Fading Syndrome (Neonatal Mortality) in Kittens
Neonatal mortality, or fading syndrome, involves the death of a kitten at an early age of life (generally, less than two weeks). Because of their immature body organs and systems, kittens are prone to various insults, including infections and environmental, nutritional, and metabolic factors. The immune system (vital for fighting infections) is still in the building stage, so if it is not yet strong enough to ward off an infection the young cat may not survive the condition. Also, young animals do not yet have strong body temperature regulation, and their body temperature can fluctuate profoundly in response to changing environmental temperatures and humidity. Glucose control may also be poor, and blood glucose levels may fall below normal ranges in cases of nutritional disturbances, leading to a state of hypoglycemia. This syndrome is more commonly seen in pedigree kittens, as they have a tendency to be more delicate.
Symptoms and Types
- Low birth weight
- Loss of weight
- Failure to gain weight
- Decreased activity
- Poor appetite
- Constant vocalizations and restless in early phase, but kitten may become inactive and quiet in later stages
- Straying away from its litter-mates
- Low body temperature
- Difficult birth or prolonged labor
- Problems with milk letdown
- Inadequate nutrition
- Temperature and humidity extremes
- Poor sanitation
- Congenital defects
You will need to give your veterinarian a thorough history of your kitten’s health, including a background history of symptoms and any background information you have regarding your kitten's parentage. After taking a complete history, your veterinarian will conduct a complete physical examination. Laboratory tests will include a complete blood count (CBC), biochemistry profile, and urinalysis.
Blood testing may reveal anemia, changes in leukocyte (white blood cells, WBC) counts, including an abnormally low number of platelets (the cells responsible for blood clotting) and an increase in the number of white blood cells, which is what is usually seen in infections. A biochemistry profile may indicate abnormally low levels of glucose (hypoglycemia) along with other changes, depending on which organs are being the most affected. The urinalysis may indicate the presence of hemoglobin, the oxygen carrying component of red blood cells, in the urine. It may also show bacteria present in the urine, indicating an infection of the urinary tract. More specific testing would include isolating the virus or bacteria from various body fluids. Your veterinarian will also conduct a fecal examination to test for the presence of parasites.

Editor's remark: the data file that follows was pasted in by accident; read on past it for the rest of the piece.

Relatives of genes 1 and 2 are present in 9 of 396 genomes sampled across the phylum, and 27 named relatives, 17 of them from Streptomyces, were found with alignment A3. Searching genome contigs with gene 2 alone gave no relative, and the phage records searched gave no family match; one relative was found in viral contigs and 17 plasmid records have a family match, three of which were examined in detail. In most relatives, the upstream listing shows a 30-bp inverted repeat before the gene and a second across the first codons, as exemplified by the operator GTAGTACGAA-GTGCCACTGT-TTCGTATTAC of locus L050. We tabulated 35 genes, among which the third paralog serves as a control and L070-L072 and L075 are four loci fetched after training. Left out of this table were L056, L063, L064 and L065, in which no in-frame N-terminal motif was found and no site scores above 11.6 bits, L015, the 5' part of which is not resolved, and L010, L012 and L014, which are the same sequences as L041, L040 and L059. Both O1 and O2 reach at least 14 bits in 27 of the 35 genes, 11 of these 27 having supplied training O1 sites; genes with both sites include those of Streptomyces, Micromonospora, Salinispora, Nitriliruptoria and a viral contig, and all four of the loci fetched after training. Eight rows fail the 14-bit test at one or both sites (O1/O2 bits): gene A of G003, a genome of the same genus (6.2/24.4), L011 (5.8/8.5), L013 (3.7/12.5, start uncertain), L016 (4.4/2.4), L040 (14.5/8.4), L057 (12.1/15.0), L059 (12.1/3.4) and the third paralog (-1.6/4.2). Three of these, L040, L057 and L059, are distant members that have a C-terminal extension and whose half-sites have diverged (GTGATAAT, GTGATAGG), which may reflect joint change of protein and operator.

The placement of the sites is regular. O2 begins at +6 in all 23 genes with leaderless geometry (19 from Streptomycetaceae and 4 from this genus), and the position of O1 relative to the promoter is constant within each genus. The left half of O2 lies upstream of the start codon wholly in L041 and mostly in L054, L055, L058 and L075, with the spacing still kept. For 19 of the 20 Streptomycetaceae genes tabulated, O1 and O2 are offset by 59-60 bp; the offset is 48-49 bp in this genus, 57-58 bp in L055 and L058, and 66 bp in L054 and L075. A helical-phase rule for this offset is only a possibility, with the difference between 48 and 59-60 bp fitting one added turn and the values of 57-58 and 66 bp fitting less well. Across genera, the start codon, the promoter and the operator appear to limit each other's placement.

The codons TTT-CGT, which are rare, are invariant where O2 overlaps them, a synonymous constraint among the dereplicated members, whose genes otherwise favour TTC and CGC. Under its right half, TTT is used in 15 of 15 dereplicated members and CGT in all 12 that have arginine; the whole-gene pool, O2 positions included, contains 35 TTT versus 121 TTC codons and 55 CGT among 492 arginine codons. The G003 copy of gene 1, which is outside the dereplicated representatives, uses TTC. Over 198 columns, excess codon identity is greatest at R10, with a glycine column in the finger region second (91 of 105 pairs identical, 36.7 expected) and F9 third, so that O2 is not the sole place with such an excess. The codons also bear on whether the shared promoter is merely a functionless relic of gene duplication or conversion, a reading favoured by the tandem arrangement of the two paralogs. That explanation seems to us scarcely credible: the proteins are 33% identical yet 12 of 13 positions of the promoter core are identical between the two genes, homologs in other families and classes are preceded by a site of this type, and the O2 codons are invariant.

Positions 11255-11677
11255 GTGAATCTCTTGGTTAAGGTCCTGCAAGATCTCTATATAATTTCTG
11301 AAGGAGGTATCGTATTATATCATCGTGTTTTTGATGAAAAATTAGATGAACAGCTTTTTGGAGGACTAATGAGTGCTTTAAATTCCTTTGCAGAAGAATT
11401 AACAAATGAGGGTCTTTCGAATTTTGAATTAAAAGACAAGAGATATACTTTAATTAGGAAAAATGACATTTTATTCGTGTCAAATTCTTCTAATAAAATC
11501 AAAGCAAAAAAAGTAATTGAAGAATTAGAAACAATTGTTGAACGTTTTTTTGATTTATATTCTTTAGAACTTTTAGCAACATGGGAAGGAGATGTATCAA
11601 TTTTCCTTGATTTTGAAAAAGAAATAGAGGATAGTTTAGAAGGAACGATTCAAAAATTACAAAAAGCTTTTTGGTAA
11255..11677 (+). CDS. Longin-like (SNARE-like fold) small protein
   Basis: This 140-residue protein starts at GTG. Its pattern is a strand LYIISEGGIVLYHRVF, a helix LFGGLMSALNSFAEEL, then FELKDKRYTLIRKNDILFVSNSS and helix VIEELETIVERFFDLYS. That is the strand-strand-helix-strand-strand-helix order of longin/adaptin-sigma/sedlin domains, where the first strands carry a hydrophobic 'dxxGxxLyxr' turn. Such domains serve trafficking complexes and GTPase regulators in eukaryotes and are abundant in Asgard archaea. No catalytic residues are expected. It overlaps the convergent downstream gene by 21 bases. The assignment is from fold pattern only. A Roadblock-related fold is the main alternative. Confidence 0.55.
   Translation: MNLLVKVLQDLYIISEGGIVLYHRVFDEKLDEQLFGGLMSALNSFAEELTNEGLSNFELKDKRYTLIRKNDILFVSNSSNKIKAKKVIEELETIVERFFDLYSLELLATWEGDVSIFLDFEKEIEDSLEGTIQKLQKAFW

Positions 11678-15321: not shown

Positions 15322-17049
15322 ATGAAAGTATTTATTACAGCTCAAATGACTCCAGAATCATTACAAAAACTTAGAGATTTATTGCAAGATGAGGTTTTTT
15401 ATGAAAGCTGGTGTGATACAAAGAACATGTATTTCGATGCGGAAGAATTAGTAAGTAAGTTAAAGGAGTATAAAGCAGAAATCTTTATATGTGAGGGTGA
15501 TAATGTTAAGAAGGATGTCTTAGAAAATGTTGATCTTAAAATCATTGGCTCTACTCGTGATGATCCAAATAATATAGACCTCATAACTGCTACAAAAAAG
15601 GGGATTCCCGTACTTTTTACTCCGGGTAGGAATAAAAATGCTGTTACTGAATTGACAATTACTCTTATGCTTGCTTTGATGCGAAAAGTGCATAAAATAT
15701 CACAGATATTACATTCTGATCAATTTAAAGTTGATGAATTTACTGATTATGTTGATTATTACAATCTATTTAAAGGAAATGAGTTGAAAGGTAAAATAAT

In cases where a neonate is presenting with a low body temperature, the veterinarian will slowly warm the kitten to a normal body temperature over several hours to avoid shocking its system. Oxygen supplementation will be given if required, and intravenous fluid therapy will be initiated to correct fluid deficits.
In cases with low glucose levels in the blood (hypoglycemia), fluids with glucose will be selected for fluid therapy. The kitten will not be allowed to feed if its body temperature is significantly lower than normal and it has no suckling reflex; however, once it has been warmed, nursing will be encouraged. Antibiotic therapy will be started in the event that there is a bacterial infections present.
Living and Management
Do not attempt to feed your kitten at home if the kitten is not sucking properly at its mother's teat. Check your kitten daily for its hydration status by checking its urine color and looking into its mouth for evidence of dryness. Dry mouth and dark yellow urine will indicate that your kitten is dehydrated. If this is the case you will need to call your veterinarian for advice. Also monitor your kitten's weight daily, and ensure that the queen (mother) is properly nursing the kittens. Good home care will give your kitten the best chance of healing quickly and effectively.
It is essential that you follow all guidelines to ensure proper medication and feeding at home. Do not stop or alter the treatment on your own or change the dosage times. It is especially important to give medications at the exact prescribed dosage and time because at this immature stage, animals have great variations in drug metabolism and excretion. Even minor changes in drug dosage can be detrimental to your kitten's recovery. Your kitten will also need extra care regarding its nutrition due to its delicate requirements and inability to feed properly on its own.
Featured Image: iStockPhoto.com/Olga Gubskaya
Help us make PetMD better
Was this article helpful?